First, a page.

Don't Give Up On The U.S.

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If the U.S. were a stock, it would be trading at historic lows. The budget deficit is out of control, the economy is anemic and the political system is controlled by academic ideologues and Chicago hacks. Opposing them is a force largely comprised of know-nothings--to call them Neanderthals would be too complimentary.

Not surprisingly, many Americans have become pessimistic. Two in three adults now fear their children will be worse off than they are. Nearly 40% think China will become the world's dominant power in the next 20 years, as indicated by a recent survey.

Yet, in spite of everything, I would still place my long-term bets on the U.S. Here's why:

1. The U.S. is the only advanced country in the world with viable demographics. By 2030, all our major rivals, save India, will be declining, with ever-larger numbers of retirees and a shrinking labor force. By 2050 Germany, Japan and South Korea could approach having twice as many people over 65 per capita as the U.S. By then, the U.S. will have 400 million people, which may be more than the entire EU and three times the population of our former archrival Russia.

2. In terms of energy resources, the U.S., combined with Canada, is the second richest region in the world after the Middle East. The country possesses vast resources of natural gas, about 90 years' worth, as well as strong areas for wind power. Given America's past profligacy, the country could derive considerable savings with even modest conservation efforts.

3. America remains the world's agricultural superpower, with the most arable land on the planet. With another 3 billion people expected on the planet by 2050, the U.S. should enjoy a continuing boom in food exports.

4. Military power matters now and in the future. We are not living in a Star Trek future of earthly harmony. The U.S. leads in military technology and, yes, our martial spirit remains a positive factor, despite the portrayals from Hollywood. For all its missteps, the U.S. military has achieved its strictly war-fighting missions--in Iraq and Afghanistan, as well as a host of smaller conflicts--over the past 20 years. Meanwhile, Europe and Japan have taken themselves out of the military game, and it will be decades before China will be ready for a head-to-head challenge.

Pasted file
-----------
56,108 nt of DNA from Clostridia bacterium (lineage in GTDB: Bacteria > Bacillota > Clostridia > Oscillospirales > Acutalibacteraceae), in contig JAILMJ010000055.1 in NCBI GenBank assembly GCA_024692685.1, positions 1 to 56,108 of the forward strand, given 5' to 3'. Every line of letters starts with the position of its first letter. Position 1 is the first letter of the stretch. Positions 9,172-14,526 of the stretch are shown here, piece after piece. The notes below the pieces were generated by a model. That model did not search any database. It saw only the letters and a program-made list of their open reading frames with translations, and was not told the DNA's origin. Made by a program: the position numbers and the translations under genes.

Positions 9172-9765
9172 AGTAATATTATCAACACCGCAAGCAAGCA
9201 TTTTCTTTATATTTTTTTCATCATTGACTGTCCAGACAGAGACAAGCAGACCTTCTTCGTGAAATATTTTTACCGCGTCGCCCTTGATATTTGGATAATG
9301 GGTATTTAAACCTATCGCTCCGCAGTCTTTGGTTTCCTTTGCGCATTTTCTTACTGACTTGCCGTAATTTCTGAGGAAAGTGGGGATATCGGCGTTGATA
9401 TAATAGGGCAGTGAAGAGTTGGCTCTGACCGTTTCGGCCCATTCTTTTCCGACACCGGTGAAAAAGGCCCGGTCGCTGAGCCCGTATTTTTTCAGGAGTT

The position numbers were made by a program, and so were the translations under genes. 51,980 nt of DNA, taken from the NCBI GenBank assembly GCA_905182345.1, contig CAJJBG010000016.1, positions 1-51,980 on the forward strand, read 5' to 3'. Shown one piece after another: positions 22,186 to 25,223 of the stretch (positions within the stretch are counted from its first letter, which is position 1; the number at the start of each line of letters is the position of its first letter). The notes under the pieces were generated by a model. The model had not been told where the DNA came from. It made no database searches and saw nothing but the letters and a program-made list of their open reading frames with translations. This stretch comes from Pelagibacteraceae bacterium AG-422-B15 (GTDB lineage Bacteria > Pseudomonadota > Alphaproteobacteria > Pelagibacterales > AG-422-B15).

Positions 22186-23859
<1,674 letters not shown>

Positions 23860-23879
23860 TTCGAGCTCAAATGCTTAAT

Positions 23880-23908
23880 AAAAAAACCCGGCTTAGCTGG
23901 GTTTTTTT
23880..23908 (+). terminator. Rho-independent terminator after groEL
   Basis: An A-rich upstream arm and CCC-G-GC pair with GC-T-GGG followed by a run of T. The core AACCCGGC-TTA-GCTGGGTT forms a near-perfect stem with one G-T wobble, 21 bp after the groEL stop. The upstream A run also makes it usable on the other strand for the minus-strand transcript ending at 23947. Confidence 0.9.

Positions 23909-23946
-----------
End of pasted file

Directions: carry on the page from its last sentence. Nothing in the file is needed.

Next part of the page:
5. There is no large country that comes close to the U.S. as an entrepreneurial hotbed (Taiwan, Israel and Hong Kong come close but are far smaller). The recent Legatum Prosperity Index showed the U.S. remains by far the largest generator of new ideas and companies on the planet.

Of course, all these critical advantages could be squandered by fecklessness. The empowered American left--in sharp contrast to the tradition that runs from Franklin Roosevelt and Harry Truman all the way to Bill Clinton--often envisions the U.S. as a country headed into the dustbin of history, and deservedly so.

Leftist historian Immanuel Wallerstein, for example, asserts that the U.S. has been "a fading global power" since the 1970s. The only question now, he suggests, is "whether the United States can devise a way to descend gradually, with minimum damage to the world, and to itself." Another leading liberal analyst, Parag Khanna, envisions a "shrunken" America that is lucky to eke out a meager existence between a "triumphant China" and a "retooled Europe."

The traditionally pro-American right increasingly shares this pessimism, albeit for different reasons. With Obama and the Democrats in power, many conservatives, including such keen observers as Charles Krauthammer and Victor Davis Hanson, believe the country has hit the historical skids.

Yet declinism is often overstated. Today, only someone delusional would suggest that once widely feared Japan, soon to fall to third place (behind China) as an economic power, constitutes a serious threat to American preeminence. However, the fantasy of a European resurgence remains deeply embedded among American policy wonks and academics. It is a firmly held belief despite the continent's decades of slow growth, demilitarization, disastrous demographics and mounting budget woes, particularly on its southern and eastern fringes.

On the other hand, China and India represent true ascendant economies of the next decade and beyond. China's rise has led one writer, the Guardian's Martin Jacques, author of When China Rules the World, to suggest that America must "learn to bow" before the great power of the 21st century.